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Manohar Lal Jat and Ors. Vs. The State of Rajasthan and Ors. - (Supreme Court) (26 Nov 2020)

Seniority of promotees is determined on the basis of date of appointment



Present appeals challenge the common judgment of the Rajasthan High Court. The Division Bench of the High Court by the impugned judgment set aside an order made by the learned single judge of that Court and held that, the present Appellants ("direct recruits" or "DRs") were not entitled to claim seniority over and above the Respondents, hereafter called departmental promotes" or "DPs"). The DRs had approached the High Court in the first instance, claiming that the seniority list, showing the DPs in earlier positions, was untenable; the single judge allowed that petition.

The Appellants argued that, the Division Bench ignored the fact that, recruitments in present case were conducted with two different advertisements for the same post, the Appellants who were from open category against 80% quota were selected earlier and the other set of departmental employees were recruited later. In terms, the DR, answered the description of having been selected earlier, and having participated in an earlier recruitment process. On the other hand, the DPs responded to a different advertisement issued later, and underwent a separate selection process.

On a plain reading of the Rule 27 [1] and the two provisos of the Rajasthan Commercial Taxes Subordinate Services (General Branch) Rules, 1975, it is evident that (a) before the amendment of 2002, seniority of personnel appointed to the "lowest categories of posts" in any department was to be determined as from the date of appointment; however, for promotees, it was to be from the date of selection; (b) after the amendment of 2002, seniority has to be fixed (by reason of Rule 27(1)) as on the date of appointment to the post or service; (c) however, in the case of pre-state integration of state (of Rajasthan) or pre-integration of services, seniority could be "modified or altered by the Appointing Authority on an ad hoc basis"- this clearly was meant to be a "sunset" clause, i.e. operative for a limited period; (d) the second proviso,-which is the one pressed into service by the DRs, states that seniority of those selected earlier will be determined over those selected latter.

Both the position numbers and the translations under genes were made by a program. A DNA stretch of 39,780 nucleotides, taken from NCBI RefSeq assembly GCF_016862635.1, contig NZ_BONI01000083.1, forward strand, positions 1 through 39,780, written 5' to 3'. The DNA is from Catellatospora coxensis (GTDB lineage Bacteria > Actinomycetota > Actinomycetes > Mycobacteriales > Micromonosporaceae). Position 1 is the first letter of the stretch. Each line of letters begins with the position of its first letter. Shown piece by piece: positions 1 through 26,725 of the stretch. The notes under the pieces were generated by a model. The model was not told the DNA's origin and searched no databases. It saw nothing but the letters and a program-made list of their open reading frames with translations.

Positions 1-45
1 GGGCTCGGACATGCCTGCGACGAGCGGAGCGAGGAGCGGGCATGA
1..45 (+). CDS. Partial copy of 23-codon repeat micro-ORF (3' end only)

Plainly, the principal mandate of the Rule is that, seniority is determined on the basis of date of appointment ("shall be fixed from the date of their appointment"). Proviso (2) lists out two rules. The first is that, those selected and appointed through a prior selection would rank senior to those selected and appointed through a later selection process. The High Court, in this case, was of the opinion that this Rule (i.e. proviso) applied to selections from the same source, i.e. where two sets of direct recruits were appointed, those selected through a previous recruitment process, would rank senior to those recruited through a later recruitment process. This interpretation is, in this Court's opinion, salutary.

The proviso clarifies that, candidates from the earlier process would rank senior, despite the main Rule speaking of a date of appointment based seniority. The same logic would apply to departmental promotees, as well, if two batches of promotees are appointed, through selection. The second limb of the second proviso clarifies that when merit based, or seniority based promotions are resorted to, the applicable norm would be seniority in the feeder cadre, to forestall any debate about the Rule of merit (in the selection) being the guiding principle. The impugned judgment, in the opinion of present Court, is not erroneous; it does not call for interference. The appeals are dismissed.


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